June 22, 2010

DM Stith - Heavy Ghost

I, as a reviewer, single Heavy Ghost out in the line-up of 2009. Why? Because of its delicate nature that softly dances above the clouds, but at the same time digs its way deep into the ground and hides away. Its extremely beautiful and a good one to listen to while laying in the grass, watching the clouds. But some songs kind of toughen up and use a more primitive beat to keep the record dancing at it's tip-toes. Let's imagine there are clouds underground. That's probably the best way to describe most songs on Heavy Ghost. And with its bizarre, pushy chord changes, it's really unpredictable, and hard to guess what's around the corner. Almost impossible, actually. Heavy Ghost starts off with just the simplicity of a minor chord quickly changed to a major chord on Issac's Song. In comes the sound of David Stiths several overlapped, faint voices delicately touching the outermost brim of "hearable". He then, out of the blue, changes the chords, as if he had a list of all the possible piano chords, blindfolded himself, and picked them out one by one with his finger. And the result was just the perfect sequence. But somehow, he manages to return to the same two chords. It then quickly moves on to Creekmouth, one of those songs dug deep into the ground, as I mentioned. Again, filled with several overlapped voices to give it harmony. As the album slowly rolls along, the vibrato of a few violins and a cello makes its way into Fire of Birds, a track that sounds nothing like birds on fire, but maybe a gathering around a campfire lead by african drums. After that comes Morning Glory Cloud, for which the mist that was forming a thick cloud covering-up the album starts to clear up, and you can hear some more lightheartedness. But the lyrics and melody still keep a kind of mysterious nature to them, which is always good. Then five and a half minutes of Braids of Voices really clears up and adds a somewhat sad and cold anatomy. But watch out, because just when you think the song has kind of been dragging on, in comes the turn around of, once again, the primitive beats that pick it up off the ground, or maybe pull it back down from the sky to give it the feel of, for example, the end of a chapter in a children's book. Finally, we have the song Wig, which is so much like Motion Picture Soundtrack on Kid A. It's like a big fat resolution at the end of a book, tying up everything to give it a bold conclusion. But even though it's the end, it's still just so fogged-up with mystery. Maybe it would have been cool to end the album with the beginning of Isaac's Song. But hey, it's not my record. And it's certainly different from anything else out there. I'm glad. Too many people worry about their album being liked by everyone because it's the same stuff, or it's exciting and happy and cheerful and all that crap. It's not exactly a bad thing to have music to cheer you up, but there's just so much of it. I hope this was useful to you, and I hope you will at least listen to some of the songs. 8 out of 10 stars.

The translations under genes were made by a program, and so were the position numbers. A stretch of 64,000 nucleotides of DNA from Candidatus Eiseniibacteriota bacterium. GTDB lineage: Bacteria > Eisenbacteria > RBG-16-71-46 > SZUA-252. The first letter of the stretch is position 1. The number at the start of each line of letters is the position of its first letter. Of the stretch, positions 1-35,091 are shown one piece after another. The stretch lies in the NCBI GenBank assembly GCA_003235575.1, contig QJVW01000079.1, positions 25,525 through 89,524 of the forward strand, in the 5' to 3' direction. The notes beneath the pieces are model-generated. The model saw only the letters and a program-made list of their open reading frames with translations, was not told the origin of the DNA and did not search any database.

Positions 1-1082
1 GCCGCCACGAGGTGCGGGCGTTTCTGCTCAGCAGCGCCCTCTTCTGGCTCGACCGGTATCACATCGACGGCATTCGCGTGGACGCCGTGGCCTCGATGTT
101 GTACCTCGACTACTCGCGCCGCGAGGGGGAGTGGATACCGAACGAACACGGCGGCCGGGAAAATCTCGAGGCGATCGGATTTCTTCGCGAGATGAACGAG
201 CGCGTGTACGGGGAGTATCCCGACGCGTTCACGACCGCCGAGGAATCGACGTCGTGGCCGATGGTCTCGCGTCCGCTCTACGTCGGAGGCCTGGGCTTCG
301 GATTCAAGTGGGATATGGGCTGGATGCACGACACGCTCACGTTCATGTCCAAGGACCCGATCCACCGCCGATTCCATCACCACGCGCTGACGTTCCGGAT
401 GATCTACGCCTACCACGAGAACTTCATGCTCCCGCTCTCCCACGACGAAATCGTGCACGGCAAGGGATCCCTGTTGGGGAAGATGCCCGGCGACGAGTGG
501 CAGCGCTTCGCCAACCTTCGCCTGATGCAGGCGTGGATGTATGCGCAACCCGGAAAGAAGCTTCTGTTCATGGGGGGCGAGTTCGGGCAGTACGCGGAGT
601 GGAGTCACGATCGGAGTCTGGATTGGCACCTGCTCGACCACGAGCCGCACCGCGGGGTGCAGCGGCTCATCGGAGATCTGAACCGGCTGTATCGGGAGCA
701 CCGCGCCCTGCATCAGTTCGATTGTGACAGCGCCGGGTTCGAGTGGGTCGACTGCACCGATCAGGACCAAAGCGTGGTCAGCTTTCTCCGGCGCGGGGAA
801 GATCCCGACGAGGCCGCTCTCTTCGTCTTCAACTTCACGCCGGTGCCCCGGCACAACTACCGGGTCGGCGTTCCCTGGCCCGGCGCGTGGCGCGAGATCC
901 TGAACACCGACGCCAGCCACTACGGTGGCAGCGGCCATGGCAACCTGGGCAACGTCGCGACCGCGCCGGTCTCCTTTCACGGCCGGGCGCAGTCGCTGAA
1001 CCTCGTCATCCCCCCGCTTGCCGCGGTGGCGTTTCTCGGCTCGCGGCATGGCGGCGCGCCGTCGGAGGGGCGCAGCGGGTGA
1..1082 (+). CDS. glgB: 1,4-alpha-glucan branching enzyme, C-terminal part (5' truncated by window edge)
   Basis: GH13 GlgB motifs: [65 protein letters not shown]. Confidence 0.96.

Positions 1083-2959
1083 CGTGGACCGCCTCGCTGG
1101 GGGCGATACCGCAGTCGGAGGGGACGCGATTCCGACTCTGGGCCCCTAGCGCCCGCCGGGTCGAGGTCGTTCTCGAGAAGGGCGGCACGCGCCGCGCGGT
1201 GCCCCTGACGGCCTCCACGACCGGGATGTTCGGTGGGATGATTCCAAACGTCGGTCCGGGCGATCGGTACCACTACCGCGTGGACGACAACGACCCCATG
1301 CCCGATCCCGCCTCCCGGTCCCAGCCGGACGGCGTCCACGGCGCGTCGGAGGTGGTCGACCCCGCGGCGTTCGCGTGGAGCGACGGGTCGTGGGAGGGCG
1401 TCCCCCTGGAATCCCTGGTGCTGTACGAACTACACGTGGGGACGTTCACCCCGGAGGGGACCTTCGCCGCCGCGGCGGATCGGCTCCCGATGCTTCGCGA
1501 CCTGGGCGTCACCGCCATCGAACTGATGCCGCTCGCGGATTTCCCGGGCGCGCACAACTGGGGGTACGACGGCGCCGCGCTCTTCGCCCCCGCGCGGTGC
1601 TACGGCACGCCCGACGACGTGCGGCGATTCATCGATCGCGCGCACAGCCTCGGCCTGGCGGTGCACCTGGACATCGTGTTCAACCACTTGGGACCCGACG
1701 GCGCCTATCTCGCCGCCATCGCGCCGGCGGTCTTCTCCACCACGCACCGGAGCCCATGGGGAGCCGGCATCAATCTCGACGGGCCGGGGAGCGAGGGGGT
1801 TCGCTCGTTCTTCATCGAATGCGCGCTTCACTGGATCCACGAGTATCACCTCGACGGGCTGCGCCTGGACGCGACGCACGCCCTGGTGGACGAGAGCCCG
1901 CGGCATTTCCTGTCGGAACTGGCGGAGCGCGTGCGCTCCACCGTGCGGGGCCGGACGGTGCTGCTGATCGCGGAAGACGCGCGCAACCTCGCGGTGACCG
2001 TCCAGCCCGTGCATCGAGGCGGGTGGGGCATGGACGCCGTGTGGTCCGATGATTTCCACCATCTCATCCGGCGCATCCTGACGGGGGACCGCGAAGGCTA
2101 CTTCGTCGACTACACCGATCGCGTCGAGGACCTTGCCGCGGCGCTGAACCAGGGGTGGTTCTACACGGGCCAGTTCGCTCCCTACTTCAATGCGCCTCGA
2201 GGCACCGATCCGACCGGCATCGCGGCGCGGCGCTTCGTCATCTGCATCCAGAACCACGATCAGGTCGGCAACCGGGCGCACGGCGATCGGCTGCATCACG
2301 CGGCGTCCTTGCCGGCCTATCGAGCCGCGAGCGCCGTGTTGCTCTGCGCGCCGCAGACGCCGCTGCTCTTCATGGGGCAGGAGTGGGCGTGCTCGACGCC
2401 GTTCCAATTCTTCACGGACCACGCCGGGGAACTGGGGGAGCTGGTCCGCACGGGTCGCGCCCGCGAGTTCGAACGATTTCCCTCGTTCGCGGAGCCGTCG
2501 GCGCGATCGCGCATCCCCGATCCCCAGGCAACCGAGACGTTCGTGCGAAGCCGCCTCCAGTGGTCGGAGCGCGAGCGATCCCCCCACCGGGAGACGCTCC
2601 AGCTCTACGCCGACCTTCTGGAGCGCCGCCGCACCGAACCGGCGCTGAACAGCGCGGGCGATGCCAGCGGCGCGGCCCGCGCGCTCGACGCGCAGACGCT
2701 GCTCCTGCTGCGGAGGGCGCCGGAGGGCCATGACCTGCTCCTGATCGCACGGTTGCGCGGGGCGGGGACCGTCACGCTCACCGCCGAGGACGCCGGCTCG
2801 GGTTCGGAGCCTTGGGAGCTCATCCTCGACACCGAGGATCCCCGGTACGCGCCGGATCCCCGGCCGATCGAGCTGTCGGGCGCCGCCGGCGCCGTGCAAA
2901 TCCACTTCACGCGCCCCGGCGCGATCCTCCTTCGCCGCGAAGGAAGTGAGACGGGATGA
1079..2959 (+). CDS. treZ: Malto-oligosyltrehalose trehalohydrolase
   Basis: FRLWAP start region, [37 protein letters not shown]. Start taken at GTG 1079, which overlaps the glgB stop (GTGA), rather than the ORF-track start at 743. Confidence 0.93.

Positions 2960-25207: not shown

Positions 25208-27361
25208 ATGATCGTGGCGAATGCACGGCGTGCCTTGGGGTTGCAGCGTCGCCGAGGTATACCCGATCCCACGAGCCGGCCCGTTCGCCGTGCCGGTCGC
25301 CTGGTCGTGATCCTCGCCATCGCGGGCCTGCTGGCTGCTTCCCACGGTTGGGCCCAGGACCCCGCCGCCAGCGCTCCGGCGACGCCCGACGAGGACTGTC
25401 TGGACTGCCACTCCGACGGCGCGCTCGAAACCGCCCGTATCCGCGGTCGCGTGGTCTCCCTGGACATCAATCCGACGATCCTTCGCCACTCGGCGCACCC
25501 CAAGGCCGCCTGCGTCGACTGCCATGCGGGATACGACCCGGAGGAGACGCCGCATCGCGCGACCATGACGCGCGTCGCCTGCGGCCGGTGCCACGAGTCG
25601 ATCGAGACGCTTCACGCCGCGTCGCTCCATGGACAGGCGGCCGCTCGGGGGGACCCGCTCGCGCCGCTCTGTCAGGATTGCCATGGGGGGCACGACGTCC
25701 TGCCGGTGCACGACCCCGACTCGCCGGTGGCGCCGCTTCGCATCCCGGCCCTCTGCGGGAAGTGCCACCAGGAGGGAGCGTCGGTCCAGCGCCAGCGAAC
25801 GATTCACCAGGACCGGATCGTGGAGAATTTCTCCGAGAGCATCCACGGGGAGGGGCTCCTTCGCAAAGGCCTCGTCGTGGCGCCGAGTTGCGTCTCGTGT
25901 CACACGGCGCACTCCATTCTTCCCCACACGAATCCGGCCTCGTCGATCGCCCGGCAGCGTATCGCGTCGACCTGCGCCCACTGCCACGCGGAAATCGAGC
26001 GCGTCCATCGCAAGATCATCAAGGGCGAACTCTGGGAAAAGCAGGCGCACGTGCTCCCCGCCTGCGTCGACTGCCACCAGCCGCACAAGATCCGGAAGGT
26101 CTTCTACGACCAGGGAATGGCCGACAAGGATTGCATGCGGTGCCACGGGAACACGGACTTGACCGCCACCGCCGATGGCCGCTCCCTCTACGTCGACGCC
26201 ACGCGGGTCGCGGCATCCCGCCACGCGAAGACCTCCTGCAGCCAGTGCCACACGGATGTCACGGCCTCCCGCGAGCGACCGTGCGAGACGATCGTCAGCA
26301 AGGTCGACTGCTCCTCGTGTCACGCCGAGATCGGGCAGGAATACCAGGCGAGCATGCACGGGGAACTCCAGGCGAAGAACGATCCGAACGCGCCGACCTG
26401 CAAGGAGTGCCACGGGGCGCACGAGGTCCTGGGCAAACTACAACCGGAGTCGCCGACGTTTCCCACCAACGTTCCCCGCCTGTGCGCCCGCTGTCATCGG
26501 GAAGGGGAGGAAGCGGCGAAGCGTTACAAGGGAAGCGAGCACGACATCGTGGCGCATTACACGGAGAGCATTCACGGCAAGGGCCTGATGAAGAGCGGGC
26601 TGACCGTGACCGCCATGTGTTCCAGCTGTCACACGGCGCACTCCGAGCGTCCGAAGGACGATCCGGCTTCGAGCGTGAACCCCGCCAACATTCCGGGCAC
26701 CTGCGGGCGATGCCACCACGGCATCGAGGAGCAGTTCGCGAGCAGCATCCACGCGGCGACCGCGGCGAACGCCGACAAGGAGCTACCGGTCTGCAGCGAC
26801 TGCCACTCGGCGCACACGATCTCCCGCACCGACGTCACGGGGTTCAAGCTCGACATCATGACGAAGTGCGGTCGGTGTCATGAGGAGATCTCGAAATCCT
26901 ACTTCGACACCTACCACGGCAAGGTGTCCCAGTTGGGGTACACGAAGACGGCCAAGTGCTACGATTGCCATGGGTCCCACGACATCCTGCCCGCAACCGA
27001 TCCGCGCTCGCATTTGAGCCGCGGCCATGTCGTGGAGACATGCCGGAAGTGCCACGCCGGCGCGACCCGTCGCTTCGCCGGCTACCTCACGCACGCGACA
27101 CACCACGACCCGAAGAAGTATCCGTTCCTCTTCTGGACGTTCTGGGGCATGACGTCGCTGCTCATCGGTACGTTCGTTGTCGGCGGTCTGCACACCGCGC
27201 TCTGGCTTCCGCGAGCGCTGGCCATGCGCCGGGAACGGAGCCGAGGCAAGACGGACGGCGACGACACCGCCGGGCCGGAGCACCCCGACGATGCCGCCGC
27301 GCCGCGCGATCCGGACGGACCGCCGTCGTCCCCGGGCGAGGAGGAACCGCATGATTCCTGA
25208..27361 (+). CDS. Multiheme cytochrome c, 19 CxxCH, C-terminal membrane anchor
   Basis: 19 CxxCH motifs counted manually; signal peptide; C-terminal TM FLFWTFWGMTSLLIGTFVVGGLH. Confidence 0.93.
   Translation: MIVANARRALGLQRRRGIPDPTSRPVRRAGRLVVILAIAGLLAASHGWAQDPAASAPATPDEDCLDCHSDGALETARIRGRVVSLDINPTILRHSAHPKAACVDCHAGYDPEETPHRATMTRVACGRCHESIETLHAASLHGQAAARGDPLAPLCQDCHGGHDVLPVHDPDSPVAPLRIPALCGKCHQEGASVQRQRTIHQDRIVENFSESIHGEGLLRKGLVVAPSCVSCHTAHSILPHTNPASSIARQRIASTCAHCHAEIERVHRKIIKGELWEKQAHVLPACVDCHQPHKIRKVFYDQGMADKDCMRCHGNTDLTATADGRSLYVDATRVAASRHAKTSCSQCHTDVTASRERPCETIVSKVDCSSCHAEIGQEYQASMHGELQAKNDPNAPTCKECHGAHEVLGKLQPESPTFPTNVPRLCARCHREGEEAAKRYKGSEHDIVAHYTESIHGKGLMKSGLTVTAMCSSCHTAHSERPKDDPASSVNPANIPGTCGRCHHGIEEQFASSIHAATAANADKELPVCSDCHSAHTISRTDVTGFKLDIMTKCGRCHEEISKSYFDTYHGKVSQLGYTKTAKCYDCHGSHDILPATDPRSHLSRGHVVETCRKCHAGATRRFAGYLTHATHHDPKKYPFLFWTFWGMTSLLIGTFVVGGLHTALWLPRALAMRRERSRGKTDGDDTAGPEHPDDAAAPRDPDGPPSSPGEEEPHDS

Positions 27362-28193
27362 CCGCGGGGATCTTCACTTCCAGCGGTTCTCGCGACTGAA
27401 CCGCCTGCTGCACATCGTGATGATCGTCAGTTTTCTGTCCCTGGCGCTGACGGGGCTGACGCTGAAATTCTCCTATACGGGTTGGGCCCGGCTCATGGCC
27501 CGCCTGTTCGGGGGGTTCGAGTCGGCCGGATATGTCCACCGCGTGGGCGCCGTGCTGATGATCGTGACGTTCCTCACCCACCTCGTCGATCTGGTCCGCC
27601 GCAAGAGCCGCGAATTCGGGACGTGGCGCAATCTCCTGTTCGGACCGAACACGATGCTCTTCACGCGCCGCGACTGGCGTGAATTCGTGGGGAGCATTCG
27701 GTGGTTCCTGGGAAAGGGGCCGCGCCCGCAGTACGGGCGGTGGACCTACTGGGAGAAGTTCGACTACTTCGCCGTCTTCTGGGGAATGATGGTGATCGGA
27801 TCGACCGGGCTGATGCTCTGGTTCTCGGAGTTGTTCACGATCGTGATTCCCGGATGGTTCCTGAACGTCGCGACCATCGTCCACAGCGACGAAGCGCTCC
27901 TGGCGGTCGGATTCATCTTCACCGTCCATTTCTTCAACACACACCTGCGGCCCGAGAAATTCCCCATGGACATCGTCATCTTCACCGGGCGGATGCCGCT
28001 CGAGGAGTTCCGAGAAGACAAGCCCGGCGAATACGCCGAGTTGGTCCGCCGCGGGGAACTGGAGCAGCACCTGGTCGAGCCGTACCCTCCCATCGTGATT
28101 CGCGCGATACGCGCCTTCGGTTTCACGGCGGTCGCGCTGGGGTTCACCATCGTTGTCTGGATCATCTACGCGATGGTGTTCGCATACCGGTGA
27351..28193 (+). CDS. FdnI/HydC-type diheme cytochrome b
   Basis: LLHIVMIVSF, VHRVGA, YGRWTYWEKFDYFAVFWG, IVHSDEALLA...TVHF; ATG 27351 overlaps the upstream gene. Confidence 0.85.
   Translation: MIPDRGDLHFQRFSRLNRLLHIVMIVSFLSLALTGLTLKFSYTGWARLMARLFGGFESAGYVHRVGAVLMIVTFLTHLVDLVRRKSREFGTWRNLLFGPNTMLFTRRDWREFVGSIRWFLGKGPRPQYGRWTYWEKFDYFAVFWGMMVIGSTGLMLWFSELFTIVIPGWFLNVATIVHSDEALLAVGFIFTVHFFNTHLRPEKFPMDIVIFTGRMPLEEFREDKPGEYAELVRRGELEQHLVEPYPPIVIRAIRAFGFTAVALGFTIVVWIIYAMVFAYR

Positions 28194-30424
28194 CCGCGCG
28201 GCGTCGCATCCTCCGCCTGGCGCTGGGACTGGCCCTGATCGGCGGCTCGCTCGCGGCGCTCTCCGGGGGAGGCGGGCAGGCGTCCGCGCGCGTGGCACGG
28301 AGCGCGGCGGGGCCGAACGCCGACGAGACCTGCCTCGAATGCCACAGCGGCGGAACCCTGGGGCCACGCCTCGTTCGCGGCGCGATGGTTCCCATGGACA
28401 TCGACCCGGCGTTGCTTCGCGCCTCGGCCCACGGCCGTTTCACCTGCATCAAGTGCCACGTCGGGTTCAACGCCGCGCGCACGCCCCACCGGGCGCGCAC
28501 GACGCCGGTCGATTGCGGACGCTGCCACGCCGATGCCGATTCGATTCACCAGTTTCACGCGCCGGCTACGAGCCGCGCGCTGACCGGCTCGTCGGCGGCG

No comments:

Post a Comment

Note: Only a member of this blog may post a comment.